There are twelve ways in total to kill the King of Chinatown. Similarly, for everyone the game selects as a target, there are at least three ways of killing them. This is the sort of s*** every game should be doing. It adds personality to every kill you carry out as 47 and makes you feel more accomplished that you finally managed to drop the faulty disco ball on the sleazy strip club owner after your twentieth attempt. I almost thought it too good to be true, expecting some glitches or bugs to be found in the game but alas, there was only a single cutscene in which 47’s gun appeared invisible, and nothing game breaking. The trouble with glitches in this game though is that you can’t take them seriously. When one of the achievements is to kill three targets dressed in a ridiculous Charlie the Chipmunk outfit, you know the developers aren't taking it seriously and so neither should you. For such a good looking game, an invisible gun and a problem with the game’s code, resulting in a nonexistent notebook (which Squarenix admitted to), is hardly a problem, is it?
Now I know what you’re saying, you’re saying “But a game this good must have its flaws, right?” Well, no, not in my opinion. There are plenty according to the diehard Hitman fans. According to them, Hitman: Absolution is not worthy of being a Hitman game because it’s too easy, because it’s catered too much to new players and because it does not stay true to the Hitman legacy. Well, with the greatest respect, I think you’re wrong. I would not know the Hitman series existed if not for Absolution and I’m sure this is the case for hundreds of other people as well. The presence of Instinct in the game was revealed early on to appease the long term fans and when they cried out for war against it, the developers quickly added a “Purist” difficulty, removing anything that simplified the game. The map, the Instinct and everything else on the HUD was gone, only a crosshair remained and I thought this was a genius idea. Fans would get their old school Hitman and newbies would get their transition difficulties in hope that one day they would be as good as the professionals. Obviously, some fans still bitched and moaned but the developers felt they’d done all they could and just shut the blinds and put on earmuffs to drown out the sound of bricks flying through their windows and I respect them for that.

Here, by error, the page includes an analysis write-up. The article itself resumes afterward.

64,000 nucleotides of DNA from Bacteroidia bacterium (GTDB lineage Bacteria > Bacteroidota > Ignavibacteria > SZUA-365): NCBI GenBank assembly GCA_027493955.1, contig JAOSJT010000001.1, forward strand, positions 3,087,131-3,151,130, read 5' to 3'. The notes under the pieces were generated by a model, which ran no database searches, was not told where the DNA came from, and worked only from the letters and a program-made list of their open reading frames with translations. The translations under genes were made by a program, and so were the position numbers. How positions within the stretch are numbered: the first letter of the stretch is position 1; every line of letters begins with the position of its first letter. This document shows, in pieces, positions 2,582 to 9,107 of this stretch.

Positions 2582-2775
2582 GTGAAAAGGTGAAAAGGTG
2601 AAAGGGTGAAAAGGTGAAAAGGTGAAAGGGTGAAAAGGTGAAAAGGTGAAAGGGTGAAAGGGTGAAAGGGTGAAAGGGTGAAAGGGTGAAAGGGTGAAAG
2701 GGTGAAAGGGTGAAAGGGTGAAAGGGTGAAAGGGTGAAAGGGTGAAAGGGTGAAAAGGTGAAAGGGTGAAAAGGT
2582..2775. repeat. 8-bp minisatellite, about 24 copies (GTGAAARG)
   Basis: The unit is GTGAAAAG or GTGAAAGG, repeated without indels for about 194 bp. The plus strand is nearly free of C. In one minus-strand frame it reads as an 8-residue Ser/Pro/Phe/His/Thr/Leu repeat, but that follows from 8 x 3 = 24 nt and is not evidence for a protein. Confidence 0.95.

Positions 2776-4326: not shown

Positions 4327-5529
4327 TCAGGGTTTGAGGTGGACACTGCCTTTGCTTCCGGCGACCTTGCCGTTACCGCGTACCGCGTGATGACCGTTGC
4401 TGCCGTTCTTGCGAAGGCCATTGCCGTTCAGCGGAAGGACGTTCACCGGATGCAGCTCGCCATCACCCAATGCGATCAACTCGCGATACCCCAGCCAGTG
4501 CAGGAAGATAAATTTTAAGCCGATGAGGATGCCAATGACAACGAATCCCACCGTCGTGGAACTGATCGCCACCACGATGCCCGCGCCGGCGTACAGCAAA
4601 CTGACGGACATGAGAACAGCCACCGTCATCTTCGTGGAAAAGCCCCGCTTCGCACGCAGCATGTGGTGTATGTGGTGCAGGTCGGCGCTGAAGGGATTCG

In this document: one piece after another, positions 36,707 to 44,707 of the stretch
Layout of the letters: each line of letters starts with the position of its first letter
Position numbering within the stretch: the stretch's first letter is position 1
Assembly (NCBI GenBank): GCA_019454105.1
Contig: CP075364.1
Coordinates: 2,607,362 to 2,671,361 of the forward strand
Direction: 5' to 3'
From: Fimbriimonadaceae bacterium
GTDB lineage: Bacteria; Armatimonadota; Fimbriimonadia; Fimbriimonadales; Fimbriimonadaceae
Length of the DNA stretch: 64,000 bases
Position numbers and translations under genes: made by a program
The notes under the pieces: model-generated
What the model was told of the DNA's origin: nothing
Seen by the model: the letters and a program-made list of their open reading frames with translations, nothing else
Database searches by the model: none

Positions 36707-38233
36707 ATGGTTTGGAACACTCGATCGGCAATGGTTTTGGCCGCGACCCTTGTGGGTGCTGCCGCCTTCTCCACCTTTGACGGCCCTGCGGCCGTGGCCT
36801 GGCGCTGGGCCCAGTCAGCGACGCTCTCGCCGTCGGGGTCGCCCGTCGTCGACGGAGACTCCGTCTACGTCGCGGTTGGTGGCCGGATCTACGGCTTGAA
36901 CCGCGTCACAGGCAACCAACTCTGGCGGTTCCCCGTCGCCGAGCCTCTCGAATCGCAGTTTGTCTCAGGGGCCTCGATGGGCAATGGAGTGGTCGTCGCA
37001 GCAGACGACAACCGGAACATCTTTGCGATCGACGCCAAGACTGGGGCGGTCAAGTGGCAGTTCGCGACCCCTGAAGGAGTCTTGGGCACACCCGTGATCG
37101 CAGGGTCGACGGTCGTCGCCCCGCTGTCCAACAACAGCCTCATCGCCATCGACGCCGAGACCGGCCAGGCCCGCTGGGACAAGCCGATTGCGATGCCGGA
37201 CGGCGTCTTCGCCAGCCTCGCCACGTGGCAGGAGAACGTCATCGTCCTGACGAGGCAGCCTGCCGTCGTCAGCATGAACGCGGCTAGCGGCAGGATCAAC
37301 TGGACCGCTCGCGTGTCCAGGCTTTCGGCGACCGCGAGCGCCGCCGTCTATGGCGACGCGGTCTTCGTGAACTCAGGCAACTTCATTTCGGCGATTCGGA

This is the part where I would normally talk about the multiplayer option for a game like CoD or something equally as disgusting but I’m not entirely sure if the Hitman: Absolution “Contracts” mode counts as multiplayer. Contracts mode is basically a global database of user made contracts, utilising the pre-made maps from the single player campaign. One person goes around the map, selecting up to three completely random targets and killing them in whatever way they so choose. The contract is then uploaded online and anyone can pick it up, see who the creator killed, using what and wearing what and if they decide it’s worth their time, they can also attempt to complete the contract, achieving a higher score than the creator. Money earned by doing this can then be spent on unlocking guns and attachments for these guns. There isn't really much to spend the money on but attachments are expensive and it’s more about the pleasure of beating someone that thought they made the best contract ever made. The Contracts mode is by the far the best, most inventive and most addictive idea I have ever seen in any game on any platform, period. It proves to other game developers that no matter the game, there is capability for multiplayer and reveals a whole other undertone to Hitman: Absolution, finding out that there are entirely new ways to kill enemies that were completely menial before and it made me appreciate how hard the level designers worked on this game, to have made everyone on the map a killable character.
So, before my Microsoft Word document breaches four pages of text, I should probably conclude. Hitman: Absolution is pioneering, bringing out the best in the stealth genre and having the possibility to go all out with a shotgun if you get p***ed off, it has the best of both worlds. I don't normally play third person games but the story kept me entertained for a long time - just over ten hours for my first playthrough and just under eight for my second (working on my third). The level of minute detail put into the game shows how much effort it took to make and it is one of the most well put together games of recent memory, continuing on and improving the Hitman series. The Contracts mode is top notch and gives Hitmen around the world the chance to best each other like never before. I give this game 10/10 because it damn well deserves it.
Rating – 10/10
Final Thought – Levels that don’t feature a mandatory target aren't “lame”, they show 47 is vulnerable and not just on a wild killing spree.